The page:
Cleveland, OH, August 14, 2019 — US expenditures on commercial building construction are forecast to advance 4.3% annually in nominal terms through 2023, according to Commercial Building Construction: United States, a report recently released by Freedonia Focus Reports. Rising consumer spending will spur businesses’ expansion and investment in new and improved structures. Rising government revenue will stoke advances for spending on such structures as schools and government offices. The pace of gains is expected to moderate from the faster rebound-fueled growth of the 2012-2018 period, reflecting the extent of the rebound in activity already achieved.
Expenditures in the education segment – the largest discrete segment – are forecast to rise 4.1% annually through 2023. Rising government revenues due to an expanding economy are expected to support state and local funding for new schools and renovation projects.
These and other key insights are featured in Commercial Building Construction: United States. This report forecasts to 2023 US commercial building construction expenditures in nominal and real (inflation-adjusted) US dollars and floor space in square feet. Total expenditures in nominal and real dollars are segmented by market in terms of:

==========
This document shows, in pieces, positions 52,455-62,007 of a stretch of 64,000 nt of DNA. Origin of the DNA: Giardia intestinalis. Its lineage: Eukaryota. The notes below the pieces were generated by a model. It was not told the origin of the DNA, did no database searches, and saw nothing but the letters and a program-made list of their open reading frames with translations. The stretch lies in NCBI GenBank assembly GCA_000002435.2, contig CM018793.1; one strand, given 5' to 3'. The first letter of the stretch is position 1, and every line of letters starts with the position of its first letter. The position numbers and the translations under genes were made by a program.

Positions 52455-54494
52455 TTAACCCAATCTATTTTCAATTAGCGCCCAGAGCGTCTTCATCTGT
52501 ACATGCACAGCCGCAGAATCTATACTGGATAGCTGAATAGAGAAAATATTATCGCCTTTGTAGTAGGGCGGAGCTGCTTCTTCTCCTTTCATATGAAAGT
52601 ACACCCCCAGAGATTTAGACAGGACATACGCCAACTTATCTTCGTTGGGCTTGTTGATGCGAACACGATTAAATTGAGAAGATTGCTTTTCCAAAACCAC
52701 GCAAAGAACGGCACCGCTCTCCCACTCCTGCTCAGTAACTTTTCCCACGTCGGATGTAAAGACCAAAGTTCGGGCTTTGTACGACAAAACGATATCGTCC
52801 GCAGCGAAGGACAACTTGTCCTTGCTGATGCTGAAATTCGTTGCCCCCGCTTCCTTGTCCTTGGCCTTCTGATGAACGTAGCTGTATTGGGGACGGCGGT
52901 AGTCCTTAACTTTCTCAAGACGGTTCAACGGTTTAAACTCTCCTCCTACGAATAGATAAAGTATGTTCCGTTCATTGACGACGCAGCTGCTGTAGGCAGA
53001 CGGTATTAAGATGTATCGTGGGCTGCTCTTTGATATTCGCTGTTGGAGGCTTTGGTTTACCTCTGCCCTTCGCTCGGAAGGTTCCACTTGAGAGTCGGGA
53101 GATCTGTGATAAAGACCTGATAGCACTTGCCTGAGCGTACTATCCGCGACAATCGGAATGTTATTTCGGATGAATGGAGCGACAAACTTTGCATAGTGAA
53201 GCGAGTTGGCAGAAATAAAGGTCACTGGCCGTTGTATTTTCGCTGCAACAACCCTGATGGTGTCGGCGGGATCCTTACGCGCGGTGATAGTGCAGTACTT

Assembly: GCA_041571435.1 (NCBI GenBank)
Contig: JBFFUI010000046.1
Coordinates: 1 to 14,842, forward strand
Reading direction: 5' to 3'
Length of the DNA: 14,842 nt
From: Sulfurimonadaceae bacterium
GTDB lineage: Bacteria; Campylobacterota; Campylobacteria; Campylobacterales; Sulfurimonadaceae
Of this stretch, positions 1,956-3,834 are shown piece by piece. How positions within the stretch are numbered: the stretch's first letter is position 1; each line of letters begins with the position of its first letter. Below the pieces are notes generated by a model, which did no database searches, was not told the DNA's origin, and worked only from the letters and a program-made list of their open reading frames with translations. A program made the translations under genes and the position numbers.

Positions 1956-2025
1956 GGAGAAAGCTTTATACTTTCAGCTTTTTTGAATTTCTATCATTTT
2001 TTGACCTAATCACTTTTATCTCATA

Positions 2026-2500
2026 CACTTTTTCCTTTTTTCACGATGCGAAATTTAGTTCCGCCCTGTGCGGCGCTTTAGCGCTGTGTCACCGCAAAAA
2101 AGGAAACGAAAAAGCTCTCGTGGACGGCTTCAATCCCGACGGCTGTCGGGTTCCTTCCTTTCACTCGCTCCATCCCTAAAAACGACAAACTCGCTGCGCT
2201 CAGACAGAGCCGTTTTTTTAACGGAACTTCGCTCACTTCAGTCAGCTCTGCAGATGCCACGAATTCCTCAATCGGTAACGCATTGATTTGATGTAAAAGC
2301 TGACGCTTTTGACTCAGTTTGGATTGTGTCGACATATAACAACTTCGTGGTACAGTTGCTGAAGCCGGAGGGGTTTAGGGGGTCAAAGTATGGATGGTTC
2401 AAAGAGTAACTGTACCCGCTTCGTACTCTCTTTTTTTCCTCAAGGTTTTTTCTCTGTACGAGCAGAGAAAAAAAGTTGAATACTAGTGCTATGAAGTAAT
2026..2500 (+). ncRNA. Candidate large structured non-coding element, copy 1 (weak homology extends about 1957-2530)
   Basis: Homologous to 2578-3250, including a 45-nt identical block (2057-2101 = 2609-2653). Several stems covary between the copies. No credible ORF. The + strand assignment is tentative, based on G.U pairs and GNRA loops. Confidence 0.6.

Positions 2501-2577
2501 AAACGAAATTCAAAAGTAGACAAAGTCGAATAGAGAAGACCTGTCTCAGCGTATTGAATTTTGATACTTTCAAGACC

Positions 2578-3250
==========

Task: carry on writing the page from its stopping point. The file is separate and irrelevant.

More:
- retail and wholesale
- other markets such as public safety
Total floor space is segmented by market as follows:
- public assembly
- other markets
Total floor space is also segmented by region in terms of:
To illustrate historical trends, total expenditures and the various segments are provided in annual series from 2008 to 2018.
This report includes new commercial building construction and improvements such as additions, alterations, and major replacements (e.g., heating systems). Maintenance and repairs for existing structures and service facilities are excluded. Also excluded are land acquisition costs, drilling of gas and oil wells, and digging and shoring of mines. As defined by the US Census Bureau, expenditures represent architectural and engineering costs; labor, material, and overhead costs; interest and taxes paid during construction; and contractors’ profits.
More information about the report is available at: